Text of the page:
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Money Management

Better alignment of offerings and fees needed, conference delegates told

David Miles, former member of the monetary policy committee at the Bank of England, said GDP in many developed markets isn’t as capital intensive as it once was.

Money management firms must work harder to improve the value of their offerings to asset owners, delegates at an industry conference were told this month.

The money management industry needs to better align its offerings with the needs of asset owner clients, speakers from a range of institutions said at the Pensions and Lifetime Savings Association's investment conference, held March 7-9 in Edinburgh.

The presentation of fees is one area for improvement, with a call for more "comprehensible" offerings coming from Anne Richards, CEO of M&G Investments, speaking March 8. Ms. Richards added that the challenge for the industry is to create overarching standards for the reporting of fees, particularly given the Financial Conduct Authority's scrutiny in its review last year. "We need to figure out how to get better in order to find ways of absorbing these costs" related to regulation and trading.

The right fee structure should satisfy multiple, different regulatory requirements, she added. "Customers more often choose simplicity over a good economic proposition."

The need for improved fee disclosure and transparency was championed by industry experts at the PLSA conference because investors not only face a series of new investment risks, such as climate change, but also will face additional difficulties when assessing the more familiar macroeconomic risks. Economists speaking on a separate panel on March 8, said economic indicators used to measure risk and predict market movements have changed. Central bankers now drive interest rates changes, instead of free market forces, said speakers.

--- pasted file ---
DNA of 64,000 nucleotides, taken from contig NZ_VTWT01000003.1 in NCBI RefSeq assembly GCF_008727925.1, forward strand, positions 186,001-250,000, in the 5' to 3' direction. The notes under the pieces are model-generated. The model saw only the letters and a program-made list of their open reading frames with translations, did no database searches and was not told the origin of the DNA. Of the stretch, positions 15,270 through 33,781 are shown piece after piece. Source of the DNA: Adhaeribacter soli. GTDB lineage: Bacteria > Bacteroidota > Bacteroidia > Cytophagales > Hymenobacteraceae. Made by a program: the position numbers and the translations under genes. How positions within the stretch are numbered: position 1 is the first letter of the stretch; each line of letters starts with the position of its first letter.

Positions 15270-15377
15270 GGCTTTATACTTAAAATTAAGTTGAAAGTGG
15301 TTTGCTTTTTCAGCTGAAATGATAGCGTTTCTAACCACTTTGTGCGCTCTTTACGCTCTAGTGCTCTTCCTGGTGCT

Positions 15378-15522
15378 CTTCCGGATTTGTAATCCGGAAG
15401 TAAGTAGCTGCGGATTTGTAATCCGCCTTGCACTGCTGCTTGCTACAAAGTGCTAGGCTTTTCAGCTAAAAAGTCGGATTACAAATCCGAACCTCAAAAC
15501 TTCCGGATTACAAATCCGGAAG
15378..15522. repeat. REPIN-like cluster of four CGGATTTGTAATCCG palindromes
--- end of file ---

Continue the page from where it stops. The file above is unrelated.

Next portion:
David Miles, former member of the monetary policy committee at the Bank of England, said: "GDP in many developed markets, including the U.K., is less capital intensive than it used to be. (Also), GDP is not heavy stuff anymore. It's almost weightless and in 30 years it will be as heavy as it is today."

Megan Greene, chief economist at John Hancock Financial Services, said during the same panel, "Labor, because it is so cheap globally, is being (considered) the new capital."

Climate change risks

Conversations about addressing climate change investment risks and building a more sustainable financial system will dominate the agenda for asset owners in the next years, according to conference speakers. But industry experts warned the incorporation of environmental, social and governance risk mitigating elements in investment strategies needs to be adequate. And according to plan executives, there are not enough relevant strategies available to address these risks.

Despite ESG becoming an integral part of investment strategies, plan executives criticized the money management industry for a shortage of key data availability, such as adequate indexes that track gender diversity.

Jennifer Anderson, investment manager at the 9 billion ($12.4 billion) TPT Retirement Solutions, London, said on a separate panel discussion that the multiemployer plan will be working on incorporating ESG into its default fund. "It's not straightforward how to (implement) it across multiple asset classes," Ms. Anderson said. "A plan executive needs to know which ESG risk is material."

Speaking in a keynote address March 7, Nick Clegg, former deputy prime minister of the U.K., called on the money management industry to find a way to bridge the divide between generations. He said this gap had been dramatically amplified following the global financial crisis by the response of financial and monetary authorities. Members of the PLSA and the industry as a whole should" sensibly, wisely and profitably invest the money to provide the benefits to the society," he said.